Austerity measures often include increases in mass taxes, privatizations of public companies and labour shedding. This agenda resulted in a stagnating economy and contributed to the increase in unemployment in the Eurozone from 7,6% in 2008 to 12,0% in 2013. In Spain, Portugal and Ireland the rates doubled, in Greece they even tripled.
The far-reaching effects of austerity are visible in politics all over Europe. Racism and anti-EU feelings have gained more ground and reached a new extent with the Brexit. Hopelessness and anxiety about the future lay the foundations for right-wing propaganda, which has won more support in many countries such as Austria. The frustration of people can also be turned into hope, allowing progressive politics. Alternatives to austerity must be demonstrated to increase the support for a social Europe.
Example 1: Tax policy in the United Kingdom
In the UK, the tax system was reformed under austerity. VAT was raised from 17.5 to 20% and taxes on alcohol, tobacco and fuel were increased as well. At the other end of the income distribution, the tax for the highest incomes of 50% was reduced to 45% in 2013. Corporate taxes were also gradually lowered from 30% in 2008 to 20% in 2016. This contributed to an increase in income and wealth inequality.
Example 2: Health policy in Greece
In Greece public health expenditure 2009-2013 was reduced by 5.3 billion, a decrease of 32%. Austerity measures included the closing of health centers, cuts of hospital budgets by up to 50%, reductions of staff and increases in prescription charges. 2.5 million Greeks were suddenly without free access to the health system, which was guaranteed only up to one year after the job loss by a newly introduced law. Many people also could not afford health insurance, insurance coverage rates fell from 100% to only 86% of the Greek population. This health crisis showed disastrous consequences: Life expectancy fell from 81 to 78 years in the course of the crisis. Suicide rates increased from 2010 to 2011 by 40% and also HIV infections among drug addicts tripled.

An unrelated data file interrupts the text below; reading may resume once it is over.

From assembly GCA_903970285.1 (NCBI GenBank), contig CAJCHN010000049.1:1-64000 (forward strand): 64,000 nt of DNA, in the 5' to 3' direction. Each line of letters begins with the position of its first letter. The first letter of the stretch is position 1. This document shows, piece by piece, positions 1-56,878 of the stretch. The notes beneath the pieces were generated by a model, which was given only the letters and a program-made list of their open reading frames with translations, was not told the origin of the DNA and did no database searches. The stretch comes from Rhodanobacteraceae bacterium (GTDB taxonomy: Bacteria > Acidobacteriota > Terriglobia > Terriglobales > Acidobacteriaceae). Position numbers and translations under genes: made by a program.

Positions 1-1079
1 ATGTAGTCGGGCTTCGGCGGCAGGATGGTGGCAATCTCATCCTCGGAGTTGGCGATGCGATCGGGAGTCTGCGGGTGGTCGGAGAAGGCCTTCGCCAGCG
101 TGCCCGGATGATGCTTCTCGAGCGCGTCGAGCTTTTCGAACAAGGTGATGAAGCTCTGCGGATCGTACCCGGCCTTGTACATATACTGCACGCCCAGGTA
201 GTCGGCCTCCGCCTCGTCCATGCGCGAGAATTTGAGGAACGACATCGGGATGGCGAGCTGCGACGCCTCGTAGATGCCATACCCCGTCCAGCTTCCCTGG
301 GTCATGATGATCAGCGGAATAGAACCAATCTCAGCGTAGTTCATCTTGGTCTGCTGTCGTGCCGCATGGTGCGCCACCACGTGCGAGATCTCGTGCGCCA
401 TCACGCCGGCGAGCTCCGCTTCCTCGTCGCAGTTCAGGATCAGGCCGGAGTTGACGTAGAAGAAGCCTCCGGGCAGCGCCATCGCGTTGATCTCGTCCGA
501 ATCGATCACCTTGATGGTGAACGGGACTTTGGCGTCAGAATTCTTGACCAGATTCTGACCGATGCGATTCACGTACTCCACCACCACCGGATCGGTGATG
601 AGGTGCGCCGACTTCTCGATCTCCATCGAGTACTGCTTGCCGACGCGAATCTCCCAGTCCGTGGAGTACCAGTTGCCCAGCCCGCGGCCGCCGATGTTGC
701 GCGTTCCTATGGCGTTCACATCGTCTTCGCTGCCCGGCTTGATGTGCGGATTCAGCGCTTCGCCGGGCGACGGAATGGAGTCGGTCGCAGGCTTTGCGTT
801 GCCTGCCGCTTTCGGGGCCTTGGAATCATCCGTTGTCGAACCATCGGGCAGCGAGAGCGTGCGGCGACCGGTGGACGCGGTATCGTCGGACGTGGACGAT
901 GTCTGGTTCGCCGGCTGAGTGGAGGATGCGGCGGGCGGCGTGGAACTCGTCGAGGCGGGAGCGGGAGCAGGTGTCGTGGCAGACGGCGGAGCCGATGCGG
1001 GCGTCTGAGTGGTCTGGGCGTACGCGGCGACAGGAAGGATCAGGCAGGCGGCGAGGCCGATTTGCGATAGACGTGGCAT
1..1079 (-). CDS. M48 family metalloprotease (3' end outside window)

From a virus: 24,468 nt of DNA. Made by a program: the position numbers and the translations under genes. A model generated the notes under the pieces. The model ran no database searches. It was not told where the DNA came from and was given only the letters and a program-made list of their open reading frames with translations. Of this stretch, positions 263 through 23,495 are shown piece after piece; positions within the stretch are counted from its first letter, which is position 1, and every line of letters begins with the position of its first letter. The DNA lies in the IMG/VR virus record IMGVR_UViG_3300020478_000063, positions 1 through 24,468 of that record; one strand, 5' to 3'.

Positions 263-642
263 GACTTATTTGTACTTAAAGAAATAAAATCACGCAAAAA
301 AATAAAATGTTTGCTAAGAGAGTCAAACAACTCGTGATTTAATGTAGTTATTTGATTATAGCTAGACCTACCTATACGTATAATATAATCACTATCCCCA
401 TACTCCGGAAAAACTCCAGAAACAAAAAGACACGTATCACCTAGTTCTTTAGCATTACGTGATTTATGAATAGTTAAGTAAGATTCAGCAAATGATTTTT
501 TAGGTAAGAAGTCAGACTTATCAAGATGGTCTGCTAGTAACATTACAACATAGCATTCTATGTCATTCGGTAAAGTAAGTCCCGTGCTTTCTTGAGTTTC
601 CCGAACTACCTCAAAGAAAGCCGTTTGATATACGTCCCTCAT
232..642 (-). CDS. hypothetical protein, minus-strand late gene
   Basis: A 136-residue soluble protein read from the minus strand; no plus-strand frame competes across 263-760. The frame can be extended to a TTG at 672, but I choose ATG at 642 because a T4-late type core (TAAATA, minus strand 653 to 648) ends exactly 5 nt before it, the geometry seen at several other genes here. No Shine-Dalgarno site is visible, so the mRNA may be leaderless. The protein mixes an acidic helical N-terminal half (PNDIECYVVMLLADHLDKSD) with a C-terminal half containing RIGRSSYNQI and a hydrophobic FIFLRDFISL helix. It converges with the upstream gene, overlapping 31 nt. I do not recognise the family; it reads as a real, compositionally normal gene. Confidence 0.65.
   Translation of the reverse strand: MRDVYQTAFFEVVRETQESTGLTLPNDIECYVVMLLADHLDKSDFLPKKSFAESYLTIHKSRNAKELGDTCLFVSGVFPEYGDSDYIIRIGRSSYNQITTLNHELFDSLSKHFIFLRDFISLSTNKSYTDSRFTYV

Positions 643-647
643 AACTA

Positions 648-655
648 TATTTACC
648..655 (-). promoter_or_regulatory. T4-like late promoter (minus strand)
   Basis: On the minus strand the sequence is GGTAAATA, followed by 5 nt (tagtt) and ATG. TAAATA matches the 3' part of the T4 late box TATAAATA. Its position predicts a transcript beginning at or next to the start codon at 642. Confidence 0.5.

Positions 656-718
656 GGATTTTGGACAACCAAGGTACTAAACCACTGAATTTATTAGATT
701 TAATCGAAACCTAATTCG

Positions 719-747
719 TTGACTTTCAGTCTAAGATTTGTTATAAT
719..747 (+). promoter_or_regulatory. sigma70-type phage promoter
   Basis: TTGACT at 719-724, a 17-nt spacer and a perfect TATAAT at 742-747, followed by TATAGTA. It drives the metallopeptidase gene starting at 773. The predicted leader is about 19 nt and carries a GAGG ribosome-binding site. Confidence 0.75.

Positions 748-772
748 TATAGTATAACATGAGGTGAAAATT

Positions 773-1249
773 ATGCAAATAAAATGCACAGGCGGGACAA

Example 3: Education policy in Spain
The education sector was severely affected by cuts in Spain. The budget was reduced by 20% (570 million) from 2011 to 2014. The allowances for students from poor and disadvantaged families have been cut from 169 to 5.2 million. Likewise, subsidies for textbooks have been removed and libraries closed. Moreover, class sizes were increased by 10%, while teaching staff has been reduced and hours increased of those teachers remaining. In the meanwhile, private schools were promoted and many teachers switched to those.
There Is An Alternative!
There is no lack in suggestions for a better economic and social policy. On the page
www.solvingthecrisis.eu you can find a well-illustrated collection of possible reforms.
The University of Bath also created a Policy Brief on alternatives to austerity, which can be downloaded as a PDF on http://goo.gl/mZlRC2.
The German Friedrich-Ebert-Stiftung produced a longer paper which outlines growth strategies for each country (in German): http://goo.gl/aDbfc3.